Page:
Anthony: That’s a great question. Certainly that’s something that the people in the industry think about, whether safety is going to be more like current road safety – where you have cars that are functionally safe, and certifications of drivers – or whether it’s going to be more like airplanes, where you have a lot more data, more structure. Can you bring a structure that’s something like the NTSB [National Transportation Safety Board] uses with planes to the modeling of a driverless car? Whether that’s going to be industry best practices, safety organizations, the SAE, where that’s going to come from is an open question, how you define what a driver is will be something that changes dramatically when it comes to driverless vehicles.
You can have a black box, but if the information coming out of the black box isn’t interpretable, then it doesn’t buy you that much. So being able to say, “Well, the vehicle saw this pedestrian, and believed that this pedestrian wanted to cross the street, and if you took a poll of people, then everyone would agree with that assessment,” then you can understand behavior in that context. So having the data, and being able to go back and debrief with that data is super important, but the data itself needs to be comprehensible.
There’s also a really strong assumption built into these dilemmas that there’s perfect knowledge of the world. In my mind, that’s the most troubling, because we shouldn’t be operating from an assumption that these vehicles have perfect knowledge of the world. We need to be realistic and careful and clear about what these vehicles can perceive, and how that’s useful, and how that they don’t have perfect information about the world.
Q: Do you think that people expect that AVs should be able to perceive the world better than humans can, or at least at the same level? I’m thinking of the example where you have a 360-degree lidar, and most of these AVs can detect what’s behind the car, where humans either need to use the rear-view mirror or turn their head.
Anthony: I think they do, and I think that they should, but that’s still different from having perfect information. So the assumption that you know exactly the social category of someone that’s 100 meters away from your car, is that even remotely realistic, even in a situation where you have perfect human perception? I’m not sure it is.
There’s a huge benefit for an AV in that it can pay attention everywhere at once, so there’s no question of inattentiveness, daydreaming, etc. In that sense, it’s superhuman, but if you’re talking about a 360-degree lidar and whether it’s going to be able to say, “Well, that person is old and mobility challenged, so I want to be extra careful driving around them,” I don’t think you get that from a point cloud.
Q: Are there any situations where having ‘what-if’ scenarios is helpful in these discussions, such as ‘What if a jogger jumps out in front of the vehicle’, or ‘What if a meteor strikes the highway?’ Or should we not be talking about things that will never likely happen in the real world, and we should just get over the initial fear of using an autonomous vehicle?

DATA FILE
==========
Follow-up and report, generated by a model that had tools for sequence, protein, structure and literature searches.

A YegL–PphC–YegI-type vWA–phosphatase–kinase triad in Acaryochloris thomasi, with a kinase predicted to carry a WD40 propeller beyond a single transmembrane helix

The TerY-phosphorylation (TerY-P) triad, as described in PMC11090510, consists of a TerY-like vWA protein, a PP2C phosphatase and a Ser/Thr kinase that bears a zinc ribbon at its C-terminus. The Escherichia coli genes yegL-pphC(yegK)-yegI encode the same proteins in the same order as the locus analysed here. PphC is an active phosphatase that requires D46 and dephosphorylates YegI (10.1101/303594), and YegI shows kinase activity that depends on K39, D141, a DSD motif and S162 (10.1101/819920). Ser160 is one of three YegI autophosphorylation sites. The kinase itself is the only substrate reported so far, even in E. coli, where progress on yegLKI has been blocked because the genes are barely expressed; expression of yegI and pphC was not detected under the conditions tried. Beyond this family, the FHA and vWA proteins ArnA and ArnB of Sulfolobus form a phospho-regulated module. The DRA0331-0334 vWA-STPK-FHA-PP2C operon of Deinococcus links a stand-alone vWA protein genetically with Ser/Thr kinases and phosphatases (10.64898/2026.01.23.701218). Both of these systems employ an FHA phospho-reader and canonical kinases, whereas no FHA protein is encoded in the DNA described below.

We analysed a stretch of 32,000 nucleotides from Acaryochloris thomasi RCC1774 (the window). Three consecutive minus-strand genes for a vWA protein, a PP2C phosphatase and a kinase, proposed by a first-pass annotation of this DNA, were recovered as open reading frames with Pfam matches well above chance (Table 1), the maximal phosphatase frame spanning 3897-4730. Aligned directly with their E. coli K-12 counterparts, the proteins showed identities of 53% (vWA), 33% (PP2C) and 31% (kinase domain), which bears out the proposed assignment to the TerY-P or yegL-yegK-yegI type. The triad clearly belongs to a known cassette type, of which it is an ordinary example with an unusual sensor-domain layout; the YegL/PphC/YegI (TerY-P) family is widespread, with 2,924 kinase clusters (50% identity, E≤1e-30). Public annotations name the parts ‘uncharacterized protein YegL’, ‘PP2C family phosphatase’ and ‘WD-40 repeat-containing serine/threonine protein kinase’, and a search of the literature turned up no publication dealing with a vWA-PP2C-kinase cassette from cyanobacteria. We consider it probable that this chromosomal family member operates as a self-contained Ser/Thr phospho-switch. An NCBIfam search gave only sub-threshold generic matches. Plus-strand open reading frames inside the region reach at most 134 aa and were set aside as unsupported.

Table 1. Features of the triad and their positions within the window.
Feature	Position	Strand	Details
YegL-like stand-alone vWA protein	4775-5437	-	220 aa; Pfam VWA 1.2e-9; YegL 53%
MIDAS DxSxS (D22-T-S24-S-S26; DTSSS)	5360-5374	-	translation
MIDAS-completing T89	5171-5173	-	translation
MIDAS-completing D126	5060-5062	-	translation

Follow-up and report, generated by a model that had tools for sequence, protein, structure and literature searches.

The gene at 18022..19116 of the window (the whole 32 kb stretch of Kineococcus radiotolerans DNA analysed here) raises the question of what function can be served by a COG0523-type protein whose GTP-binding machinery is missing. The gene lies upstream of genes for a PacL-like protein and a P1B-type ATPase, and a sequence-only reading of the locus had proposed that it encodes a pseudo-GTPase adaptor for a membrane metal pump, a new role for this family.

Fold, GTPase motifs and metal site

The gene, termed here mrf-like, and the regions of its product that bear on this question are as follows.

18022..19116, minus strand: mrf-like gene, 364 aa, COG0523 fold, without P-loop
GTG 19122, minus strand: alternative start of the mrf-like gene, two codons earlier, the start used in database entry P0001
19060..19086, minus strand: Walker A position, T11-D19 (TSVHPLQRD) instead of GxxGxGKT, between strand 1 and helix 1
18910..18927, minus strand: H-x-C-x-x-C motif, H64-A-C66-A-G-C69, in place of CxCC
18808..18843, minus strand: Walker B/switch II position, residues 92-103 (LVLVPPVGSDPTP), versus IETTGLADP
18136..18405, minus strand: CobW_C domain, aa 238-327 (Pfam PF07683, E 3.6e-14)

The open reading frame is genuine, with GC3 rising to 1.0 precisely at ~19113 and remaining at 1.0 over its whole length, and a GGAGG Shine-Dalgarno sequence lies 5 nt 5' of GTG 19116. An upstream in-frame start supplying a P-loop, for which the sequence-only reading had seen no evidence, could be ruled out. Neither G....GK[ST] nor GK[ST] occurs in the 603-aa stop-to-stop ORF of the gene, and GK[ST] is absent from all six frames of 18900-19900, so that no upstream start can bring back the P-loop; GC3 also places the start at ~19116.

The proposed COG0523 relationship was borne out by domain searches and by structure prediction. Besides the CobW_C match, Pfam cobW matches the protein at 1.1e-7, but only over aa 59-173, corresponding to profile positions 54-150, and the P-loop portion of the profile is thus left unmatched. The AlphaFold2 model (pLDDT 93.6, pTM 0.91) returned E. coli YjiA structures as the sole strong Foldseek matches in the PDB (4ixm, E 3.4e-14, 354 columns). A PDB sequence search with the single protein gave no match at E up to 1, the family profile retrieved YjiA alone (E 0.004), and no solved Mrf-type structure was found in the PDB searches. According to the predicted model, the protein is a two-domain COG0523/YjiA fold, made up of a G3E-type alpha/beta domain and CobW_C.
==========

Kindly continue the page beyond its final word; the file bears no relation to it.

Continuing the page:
De Frietas: I definitely think the fear of those events are going to be much more salient than the reality. That’s not to say that sometimes those sorts of events will occur, but will they be true trolley dilemmas, where you have an exactly 50-50 chance of hitting each person, and you have no choice but to drive head on – that seems unlikely.
There’s probably at any given point an action that you can take to buy more time, and to minimize harm, and to potentially avoid either pedestrian, but even if such situations occurred with some very vanishingly low frequency, part of the point of our article is to say that if you try to train machines on trolley-type dilemmas, you’re not going to have something that can both drive on the road and solve these sorts of dilemma situations.
The reason is that the more general goal, the one that makes sense, is to avoid harm, so that means that if most of what you’re doing on the road is just avoiding more mundane things, then optimizing to that goal will cover you. Then when you are in the dilemma situation, you want to be seeing the world through dilemma-type glasses, so you will still be just trying to just avoid and minimize harm rather than trying to choose whom to kill.
The last point is that even if you are in such a situation, you wouldn’t want to do it based on someone’s social categories, because one: it’s kind of hard to get that from their appearance, but it’s also kind of morally questionable to choose whether to harm someone based on the category to which they belong. So I think that there is a lot of moralizing of these events, which makes these scenarios really salient in people’s minds, but even in the very few cases where they occur, we really don’t see the benefit of taking a trolley-dilemma approach to them.